Individuals with viral hepatitis may develop depression and feel generally unwell. In many instances, patients who imbibe will continue to use alcohol. It is very important that individuals with hepatitis or liver disease of any sort do not ingest alcohol at all. Pre-clinical trials have shown that medical marijuana can alleviate addiction. Therefore, it can be a useful tool in treating alcohol users with hepatitis. It may also prevent depression in sufferers undergoing treatment for viral hepatitis.
An established benefit of medical marijuana use over other medications is its level of toxicity. Some medications can further harm an already damaged liver. Marijuana research and anecdotal evidence going back thousands of years shows that marijuana has no lethal dosage. It cannot harm the body in the same way other medications can in users with viral hepatitis. In this way, it is the ideal medication for aiding in treatment and treating the symptoms of chronic pain and chronic illness associated with some forms of hepatitis.
There is some research indicating that medical marijuana can relieve inflammation in Chron’s disease and skin conditions. Research regarding medical marijuana, inflammation and hepatitis is sorely lacking. However, the potential is clearly there, which indicates the need for further research. If it can reduce liver inflammation as well as assist in treatment, it can be a very powerful drug in the fight against viral hepatitis.
As with chemotherapy, antiviral therapy is extremely difficult for the recipient. According to doctors, many patients with viral hepatitis discontinue treatment because it is painful and nauseating. Furthermore, it takes months to complete the treatment. Also as with chemotherapy, medical marijuana can help relieve the pain and nausea associated with antiviral therapy. This not only makes patients’ lives more comfortable during treatment but it also makes patients more likely to finish treatment. This can save the lives of individuals who do not tolerate the treatment well enough to continue it without medical marijuana.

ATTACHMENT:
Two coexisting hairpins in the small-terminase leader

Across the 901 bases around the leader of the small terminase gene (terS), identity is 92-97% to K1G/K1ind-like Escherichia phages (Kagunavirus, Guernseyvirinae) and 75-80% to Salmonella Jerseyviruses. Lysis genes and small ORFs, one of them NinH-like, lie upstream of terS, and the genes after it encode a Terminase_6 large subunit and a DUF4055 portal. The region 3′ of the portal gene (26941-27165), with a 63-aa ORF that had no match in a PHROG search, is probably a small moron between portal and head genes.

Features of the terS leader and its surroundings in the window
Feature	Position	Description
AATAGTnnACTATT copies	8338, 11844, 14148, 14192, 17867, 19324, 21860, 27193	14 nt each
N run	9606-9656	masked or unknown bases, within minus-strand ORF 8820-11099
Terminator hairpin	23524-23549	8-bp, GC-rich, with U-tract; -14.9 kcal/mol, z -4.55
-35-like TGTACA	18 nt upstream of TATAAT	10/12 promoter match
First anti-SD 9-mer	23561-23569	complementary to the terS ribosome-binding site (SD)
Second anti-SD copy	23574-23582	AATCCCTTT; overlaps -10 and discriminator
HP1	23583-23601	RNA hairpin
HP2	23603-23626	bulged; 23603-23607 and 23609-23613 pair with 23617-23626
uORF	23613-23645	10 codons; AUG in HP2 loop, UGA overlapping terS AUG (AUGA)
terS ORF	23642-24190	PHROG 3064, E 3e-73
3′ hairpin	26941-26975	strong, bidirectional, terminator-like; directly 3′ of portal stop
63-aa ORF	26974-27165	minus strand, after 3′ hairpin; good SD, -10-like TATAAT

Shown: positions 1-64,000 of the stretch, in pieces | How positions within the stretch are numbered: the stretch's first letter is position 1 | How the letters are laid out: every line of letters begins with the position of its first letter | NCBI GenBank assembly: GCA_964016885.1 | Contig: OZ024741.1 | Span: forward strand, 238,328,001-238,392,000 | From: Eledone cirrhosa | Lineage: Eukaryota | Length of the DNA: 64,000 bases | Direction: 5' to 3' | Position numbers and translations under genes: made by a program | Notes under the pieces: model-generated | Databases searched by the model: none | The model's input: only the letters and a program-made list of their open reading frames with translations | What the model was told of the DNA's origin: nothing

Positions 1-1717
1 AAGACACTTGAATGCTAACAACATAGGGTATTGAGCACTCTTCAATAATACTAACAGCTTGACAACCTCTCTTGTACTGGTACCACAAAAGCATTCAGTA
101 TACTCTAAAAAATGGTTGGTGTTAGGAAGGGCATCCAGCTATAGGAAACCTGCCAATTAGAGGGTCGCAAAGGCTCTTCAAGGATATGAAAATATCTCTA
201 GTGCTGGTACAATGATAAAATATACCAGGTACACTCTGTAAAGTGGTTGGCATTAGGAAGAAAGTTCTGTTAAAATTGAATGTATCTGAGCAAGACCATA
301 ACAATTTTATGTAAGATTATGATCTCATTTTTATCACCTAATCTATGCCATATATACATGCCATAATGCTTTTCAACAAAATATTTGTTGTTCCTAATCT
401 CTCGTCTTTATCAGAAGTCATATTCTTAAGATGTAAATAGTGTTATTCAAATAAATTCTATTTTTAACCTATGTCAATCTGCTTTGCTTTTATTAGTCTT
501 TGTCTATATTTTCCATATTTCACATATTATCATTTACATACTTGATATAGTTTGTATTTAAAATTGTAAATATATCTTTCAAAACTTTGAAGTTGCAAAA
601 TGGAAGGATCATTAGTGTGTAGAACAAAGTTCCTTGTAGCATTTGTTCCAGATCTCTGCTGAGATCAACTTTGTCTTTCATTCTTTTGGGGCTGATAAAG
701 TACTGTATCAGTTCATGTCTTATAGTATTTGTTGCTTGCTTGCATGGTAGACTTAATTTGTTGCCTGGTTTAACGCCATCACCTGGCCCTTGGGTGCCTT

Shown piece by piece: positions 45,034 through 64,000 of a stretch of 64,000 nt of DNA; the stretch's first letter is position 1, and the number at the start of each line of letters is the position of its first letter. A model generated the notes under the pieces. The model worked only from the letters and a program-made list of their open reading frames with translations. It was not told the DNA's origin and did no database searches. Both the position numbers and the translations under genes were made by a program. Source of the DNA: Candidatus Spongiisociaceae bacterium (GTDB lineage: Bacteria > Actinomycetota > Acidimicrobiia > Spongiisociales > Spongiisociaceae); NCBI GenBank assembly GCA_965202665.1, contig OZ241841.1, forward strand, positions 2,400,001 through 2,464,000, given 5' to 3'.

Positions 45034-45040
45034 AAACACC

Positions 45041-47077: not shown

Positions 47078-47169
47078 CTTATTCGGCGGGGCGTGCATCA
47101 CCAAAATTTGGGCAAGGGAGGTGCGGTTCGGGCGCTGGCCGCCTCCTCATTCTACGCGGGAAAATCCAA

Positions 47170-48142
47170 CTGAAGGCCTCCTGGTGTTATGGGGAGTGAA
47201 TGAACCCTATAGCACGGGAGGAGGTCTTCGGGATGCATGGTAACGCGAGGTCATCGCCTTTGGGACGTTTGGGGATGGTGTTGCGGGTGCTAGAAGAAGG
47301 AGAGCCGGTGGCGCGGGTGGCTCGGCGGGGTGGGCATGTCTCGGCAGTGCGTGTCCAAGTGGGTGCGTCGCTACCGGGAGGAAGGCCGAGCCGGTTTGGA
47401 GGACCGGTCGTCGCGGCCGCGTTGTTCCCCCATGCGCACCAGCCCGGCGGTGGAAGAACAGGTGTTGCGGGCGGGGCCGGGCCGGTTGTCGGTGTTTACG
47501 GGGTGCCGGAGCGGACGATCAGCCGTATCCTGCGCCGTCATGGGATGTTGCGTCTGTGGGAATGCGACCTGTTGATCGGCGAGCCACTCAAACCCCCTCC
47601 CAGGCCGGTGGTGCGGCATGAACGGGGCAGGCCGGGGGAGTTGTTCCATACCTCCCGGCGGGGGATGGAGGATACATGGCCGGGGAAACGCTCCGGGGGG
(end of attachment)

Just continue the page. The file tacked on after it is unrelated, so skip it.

A study conducted by Dr. Diana L. Sylvestre of the Department of Medicine at the University of California, San Francisco showed that patients on cannabis were significantly more likely to stick with treatment for more than 80% of the time needed to complete it. Ninety-five percent of those on cannabis stuck with it compared to only 67 percent of those who did not take medical marijuana with their treatment. Furthermore, 36 percent more of the patients on medical marijuana were virus-free six months after treatment than those who did not take medical marijuana. This study shows that medical marijuana is likely as viable for antiviral treatment as it is for chemotherapy. It also showed just how much of a problem adherence to treatment is, given that one-fourth of the study participants dropped out of treatment. Only one of them was a medical marijuana patient.
This information is not provided by medical professionals and is intended only to complement, and not to replace or contradict, any health or medical advice or information provided by healthcare professionals. If you have any questions, please contact your doctor or other healthcare professional.